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Category Archive: Chickens

Here are all the SuperVegan blog posts categorized under Chickens. XML

  1. The effort to ban cockfighting in New Mexico has ended, and the gamecocks (roosters) have emerged victorious. As of June 15, New Mexico will join 48 other states in banning the bloodsport, where two roosters fitted with razor-sharp steel blades are placed in a pit and hack each other for several minutes to over a half hour, to the death of one or both. People bet on the outcome of the fights, and apparently think they’re entertaining.

    Naturally, those who run cockfighting (the New Mexico Game Fowl Association) are upset. Ronald Barron, the president of the Association, noted that the ban is “damn near ruining [his] life.” He rather creepily added, “This isn’t a business. It’s my pleasure. It’s my right, or rather it was my right.”

    Kudos to New Mexico for taking away people’s rights! All eyes are now on Louisiana, to see if that last bastion of cockfighting will hold up.

  2. Let me begin by saying – you must read this book, Bird Flu: A Virus of Our Own Hatching (Lantern Books, 2006). If not the whole book, which I recommend, then at least read some parts of the book. There is no excuse not to do so as it is offered in its entirety online for free in an easily readable format. Dr. Michael Greger, has written an incredibly well researched (roughly 100 of the 465 pages are references) book. The book consists of five sections, Storm Gathering, When Animal Viruses Attack, Pandemic Preparedness, Surviving the Pandemic and Preventing Future Pandemics with a Forward by Professor Emeritus Kennedy Shortridge, who is credited with discovering the H5N1 (bird flu) virus in Asia.

    While I consider myself fairly well versed in the horrors of factory farming, having read much of the prominent literature regarding animal rights and veganism, I found myself underlining informative sentences and gasping paragraph after paragraph with some of the information spilling off the pages. Certainly the description of the zoonotic diseases introduced to humans through the domestication of animals – including Lymes disease, rabies, AIDS and Ebola – was a particularly insightful example of one of the many reasons factory farming is problematic. Obviously bird flu is another example, historically shown to be dangerous to humanity and believed to be on the verge of a pandemic world-wide. Continue Reading…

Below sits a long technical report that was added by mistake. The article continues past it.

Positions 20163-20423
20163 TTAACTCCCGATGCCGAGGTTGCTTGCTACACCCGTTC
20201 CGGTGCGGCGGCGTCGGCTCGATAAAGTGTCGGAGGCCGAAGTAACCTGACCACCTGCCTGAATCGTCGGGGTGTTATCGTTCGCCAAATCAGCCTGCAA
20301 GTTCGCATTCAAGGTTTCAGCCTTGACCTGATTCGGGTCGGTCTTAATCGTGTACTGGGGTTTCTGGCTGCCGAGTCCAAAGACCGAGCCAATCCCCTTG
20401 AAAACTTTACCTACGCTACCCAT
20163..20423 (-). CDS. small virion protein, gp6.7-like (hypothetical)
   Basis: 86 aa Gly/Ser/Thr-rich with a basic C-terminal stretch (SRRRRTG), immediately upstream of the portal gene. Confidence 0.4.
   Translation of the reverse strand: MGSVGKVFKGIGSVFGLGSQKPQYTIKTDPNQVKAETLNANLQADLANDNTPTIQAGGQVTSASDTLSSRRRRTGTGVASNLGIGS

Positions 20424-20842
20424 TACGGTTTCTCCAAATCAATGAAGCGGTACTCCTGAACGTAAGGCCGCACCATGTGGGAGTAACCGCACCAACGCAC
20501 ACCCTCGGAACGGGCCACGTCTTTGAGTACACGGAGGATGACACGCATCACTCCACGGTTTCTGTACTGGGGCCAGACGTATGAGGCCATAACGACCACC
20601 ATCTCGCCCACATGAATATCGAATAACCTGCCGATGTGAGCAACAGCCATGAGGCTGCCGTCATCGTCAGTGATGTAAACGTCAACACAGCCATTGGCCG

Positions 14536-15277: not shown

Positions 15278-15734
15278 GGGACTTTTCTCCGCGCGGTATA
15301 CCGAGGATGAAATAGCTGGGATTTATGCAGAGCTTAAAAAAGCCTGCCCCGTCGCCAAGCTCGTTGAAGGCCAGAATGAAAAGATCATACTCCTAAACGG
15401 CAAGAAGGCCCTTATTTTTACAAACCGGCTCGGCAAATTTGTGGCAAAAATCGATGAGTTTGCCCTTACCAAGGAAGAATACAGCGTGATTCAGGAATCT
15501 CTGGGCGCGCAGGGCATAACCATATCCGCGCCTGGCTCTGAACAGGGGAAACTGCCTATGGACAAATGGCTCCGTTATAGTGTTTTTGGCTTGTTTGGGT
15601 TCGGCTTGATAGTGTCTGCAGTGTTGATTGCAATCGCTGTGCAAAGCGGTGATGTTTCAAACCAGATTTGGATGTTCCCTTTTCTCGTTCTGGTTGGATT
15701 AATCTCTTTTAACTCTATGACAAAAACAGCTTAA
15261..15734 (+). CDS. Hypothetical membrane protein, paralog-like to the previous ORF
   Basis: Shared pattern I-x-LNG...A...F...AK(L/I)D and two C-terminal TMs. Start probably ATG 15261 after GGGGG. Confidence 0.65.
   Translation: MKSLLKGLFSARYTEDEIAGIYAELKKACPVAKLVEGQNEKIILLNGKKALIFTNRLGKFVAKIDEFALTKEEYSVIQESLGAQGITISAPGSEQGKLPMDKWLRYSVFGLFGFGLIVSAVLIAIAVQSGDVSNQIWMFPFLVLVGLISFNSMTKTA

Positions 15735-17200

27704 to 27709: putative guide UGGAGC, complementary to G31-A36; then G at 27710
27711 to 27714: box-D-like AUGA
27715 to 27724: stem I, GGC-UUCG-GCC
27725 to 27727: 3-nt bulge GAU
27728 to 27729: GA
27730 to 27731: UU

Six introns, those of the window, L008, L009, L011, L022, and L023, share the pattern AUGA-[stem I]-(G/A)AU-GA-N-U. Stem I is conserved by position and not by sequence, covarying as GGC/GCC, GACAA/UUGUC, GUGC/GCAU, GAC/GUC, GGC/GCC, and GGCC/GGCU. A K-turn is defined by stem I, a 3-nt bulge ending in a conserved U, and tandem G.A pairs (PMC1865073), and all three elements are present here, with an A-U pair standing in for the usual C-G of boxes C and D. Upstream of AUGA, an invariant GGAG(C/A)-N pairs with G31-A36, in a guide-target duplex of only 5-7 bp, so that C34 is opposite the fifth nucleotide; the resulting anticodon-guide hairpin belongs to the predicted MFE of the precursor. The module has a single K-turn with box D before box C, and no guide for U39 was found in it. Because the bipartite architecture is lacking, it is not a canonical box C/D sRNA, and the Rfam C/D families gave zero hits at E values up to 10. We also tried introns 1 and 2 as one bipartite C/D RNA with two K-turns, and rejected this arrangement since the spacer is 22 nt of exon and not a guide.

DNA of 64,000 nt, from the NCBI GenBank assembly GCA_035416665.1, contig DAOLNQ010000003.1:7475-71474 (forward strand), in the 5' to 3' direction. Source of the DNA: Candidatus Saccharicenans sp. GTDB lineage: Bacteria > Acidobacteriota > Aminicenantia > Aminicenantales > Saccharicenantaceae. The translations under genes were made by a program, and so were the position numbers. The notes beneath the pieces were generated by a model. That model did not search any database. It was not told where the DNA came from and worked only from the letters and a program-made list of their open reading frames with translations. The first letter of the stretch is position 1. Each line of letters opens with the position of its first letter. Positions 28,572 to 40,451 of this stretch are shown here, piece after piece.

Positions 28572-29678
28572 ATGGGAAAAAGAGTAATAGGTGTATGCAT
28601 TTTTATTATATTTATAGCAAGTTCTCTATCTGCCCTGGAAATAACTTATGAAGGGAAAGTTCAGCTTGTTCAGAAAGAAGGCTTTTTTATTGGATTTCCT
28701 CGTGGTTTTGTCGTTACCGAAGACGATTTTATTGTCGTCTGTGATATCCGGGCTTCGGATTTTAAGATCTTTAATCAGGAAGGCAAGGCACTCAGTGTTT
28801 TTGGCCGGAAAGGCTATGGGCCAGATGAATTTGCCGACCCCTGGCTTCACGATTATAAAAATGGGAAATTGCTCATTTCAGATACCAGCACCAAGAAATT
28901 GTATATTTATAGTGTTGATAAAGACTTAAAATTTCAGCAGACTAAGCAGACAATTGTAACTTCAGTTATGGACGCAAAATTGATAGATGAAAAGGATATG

3. Whistleblower Virgil Butler passes on

    Filed under: Chickens Obituaries
    Virgil Butler

    Virgil Butler

    I’m saddened and surprised to learn that 41-year-old Virgil Butler was found dead on Friday, December 15.

    A former Tyson Foods slaughterhouse employee of nearly 10 years in rural Arkansas, Mr. Butler became an advocate for chickens in 2003, after growing frustrated at the rampant gratutious cruelty occuring around him. He worked closely with PETA to call for prosecution of those responsible, including speaking out at a news conference, recording a video, going undercover to videotape inside the plant, and writing a comprehensive statement detailing the sadistic cruelty he witnessed at the Tyson plant.

    You can read more about Virgil Butler’s work for animals on the blog kept by he and his wife, Laura Alexander: The Cyber Activist.

    Virgil and Laura were also interviewed in the February 2006 issue of Satya magazine. There you can read about how Virgil became a whistleblower and how he and Laura came to give sanctuary to chickens and other animals.

  4. As our regular visitors are painfully aware, SuperVegan recently took an unscheduled and unannounced 10-day break. During that time, we missed blogging about all sorts of stuff. Here’s an attempt to cover everything we missed between November 28th and December 8th, in no particular order: